Here at Andrews University, we are blessed by being the second most diverse college or university in the nation, according to U.S. News and World Report. With this diversity comes learning about other cultures and sometimes means even falling for someone of another culture or another race. Interracial relationships at Andrews have become more and more common over time, and as with any change that comes, so do questions. The Agora isn’t here to answer all questions, but to allow students a safe place to discuss tough issues, have peaceful discourse and to encourage talking and thinking. This past weekend, the Agora, a program hosted by Andrews University graduate students asked the difficult question, “Do interracial relationships benefit the black community?”
Two presenters came to discuss both the “yes” and “no” answers to this question. Angie Powels, a graduate of Andrews University’s Masters in Clinical Psychology program argued that an interracial relationship can indeed be beneficial for the black community, while Jasmine Nwade, who studied history and sociology at University of Alabama in Huntsville, argued the counterpoint. Nwade clarified that she is not personally against interracial dating, but was arguing against interracial relationships in terms of benefiting the black community.
Facts in hand, Nwade stated that interracial relationships lessen the black population in America, making it more difficult for black people to become a prominent race, or allowing the black community to attain equal power in our current society.
Powels begged to differ, first stating that “black” comes in variations, that each person of color’s experience varies and is uniquely their own. Also, she stated that categorizing black communities as a whole is difficult, seeing how each black community is unique to its culture and experience. This being considered, it was difficult to say interracial relationships would be beneficial to the black community or not.
At Andrews, there are many students who come from multiracial and multicultural homes. Two students coming from multiracial homes, Cassandra Hales (junior, marketing) and Brianna Moore (freshman, wellness), explained that they are product of interracial relationships and believe that their parents have given back to their communities while being in interracial relationships, and have displayed respect for each other’s culture and have shown an abundance of love while doing so.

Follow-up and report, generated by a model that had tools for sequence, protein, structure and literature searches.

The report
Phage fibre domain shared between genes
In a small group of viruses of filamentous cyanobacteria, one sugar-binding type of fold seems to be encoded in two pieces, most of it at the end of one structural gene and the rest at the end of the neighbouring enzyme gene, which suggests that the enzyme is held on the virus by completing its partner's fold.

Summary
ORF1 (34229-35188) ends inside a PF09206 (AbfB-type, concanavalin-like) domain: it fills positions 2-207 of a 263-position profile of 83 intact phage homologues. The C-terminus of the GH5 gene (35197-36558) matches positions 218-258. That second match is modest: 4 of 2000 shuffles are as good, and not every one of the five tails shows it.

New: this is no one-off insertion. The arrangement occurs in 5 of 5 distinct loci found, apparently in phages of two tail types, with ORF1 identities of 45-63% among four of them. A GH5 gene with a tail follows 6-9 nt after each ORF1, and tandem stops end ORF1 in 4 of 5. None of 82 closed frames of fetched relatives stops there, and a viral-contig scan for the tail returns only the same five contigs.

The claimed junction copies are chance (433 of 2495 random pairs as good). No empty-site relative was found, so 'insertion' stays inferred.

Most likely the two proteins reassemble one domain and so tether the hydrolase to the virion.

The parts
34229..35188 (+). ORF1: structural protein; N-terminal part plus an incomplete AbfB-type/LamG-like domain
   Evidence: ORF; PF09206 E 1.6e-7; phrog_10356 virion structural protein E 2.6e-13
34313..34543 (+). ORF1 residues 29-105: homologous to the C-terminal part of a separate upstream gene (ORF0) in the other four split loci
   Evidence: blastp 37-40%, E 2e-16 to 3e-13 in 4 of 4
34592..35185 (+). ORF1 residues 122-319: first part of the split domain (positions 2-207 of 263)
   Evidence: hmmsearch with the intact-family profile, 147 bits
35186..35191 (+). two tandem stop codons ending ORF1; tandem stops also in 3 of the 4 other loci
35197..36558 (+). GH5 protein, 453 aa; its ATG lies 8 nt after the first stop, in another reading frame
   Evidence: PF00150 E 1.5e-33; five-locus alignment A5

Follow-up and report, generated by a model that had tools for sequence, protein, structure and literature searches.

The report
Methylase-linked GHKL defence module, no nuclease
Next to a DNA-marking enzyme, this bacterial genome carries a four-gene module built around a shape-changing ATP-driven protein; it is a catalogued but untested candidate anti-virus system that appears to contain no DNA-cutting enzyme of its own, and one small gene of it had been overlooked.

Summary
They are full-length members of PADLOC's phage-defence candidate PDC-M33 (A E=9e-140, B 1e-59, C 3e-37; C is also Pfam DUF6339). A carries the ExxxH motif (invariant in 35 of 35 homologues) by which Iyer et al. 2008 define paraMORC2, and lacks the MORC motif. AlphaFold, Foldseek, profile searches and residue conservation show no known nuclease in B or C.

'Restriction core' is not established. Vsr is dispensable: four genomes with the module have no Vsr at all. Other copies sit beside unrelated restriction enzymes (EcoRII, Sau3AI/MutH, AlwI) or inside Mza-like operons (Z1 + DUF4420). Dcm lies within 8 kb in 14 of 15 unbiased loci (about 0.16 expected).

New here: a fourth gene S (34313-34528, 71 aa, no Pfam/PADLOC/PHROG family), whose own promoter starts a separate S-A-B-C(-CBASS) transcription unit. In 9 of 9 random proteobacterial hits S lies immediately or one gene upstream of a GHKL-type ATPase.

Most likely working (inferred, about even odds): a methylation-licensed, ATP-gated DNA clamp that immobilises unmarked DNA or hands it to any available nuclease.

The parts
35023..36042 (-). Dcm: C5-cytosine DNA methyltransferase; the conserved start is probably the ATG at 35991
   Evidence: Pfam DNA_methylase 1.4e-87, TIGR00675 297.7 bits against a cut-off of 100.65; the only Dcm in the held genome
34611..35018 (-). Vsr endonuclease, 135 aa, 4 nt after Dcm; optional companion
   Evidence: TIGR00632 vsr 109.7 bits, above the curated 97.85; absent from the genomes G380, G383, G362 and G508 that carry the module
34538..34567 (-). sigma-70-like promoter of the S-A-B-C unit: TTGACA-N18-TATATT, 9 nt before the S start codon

Hales said, “At the end there was an appeal to not only mixed race children like myself, but also to white communities as well as black communities, that it is our duty to support our communities as well as each other to get where we want to be—to support each other through marches, through protests, through whatever it takes. We are all a part of a community no matter what others have to say. That was an appeal to me here today, and I really appreciate it.”
Chaplain June Price, who is in an interracial relationship, also stated how she feels she is supporting and enabling the African-American community at Andrews University.
“I have to ask myself, ‘What are my responsibilities as a Christian?’ They are to love mercy, do justly, walk humbly with God, to care for the orphans and widows. That means walking along side every person, regardless of how alike they are or different to me. So, participating in conversation like this, participating in Black Lives Matter marches, participating in Muslim issues, but also doing this for myself in a counter-cultural way. I believe that the real change comes at a heart level, not stirring discomfort, but change.”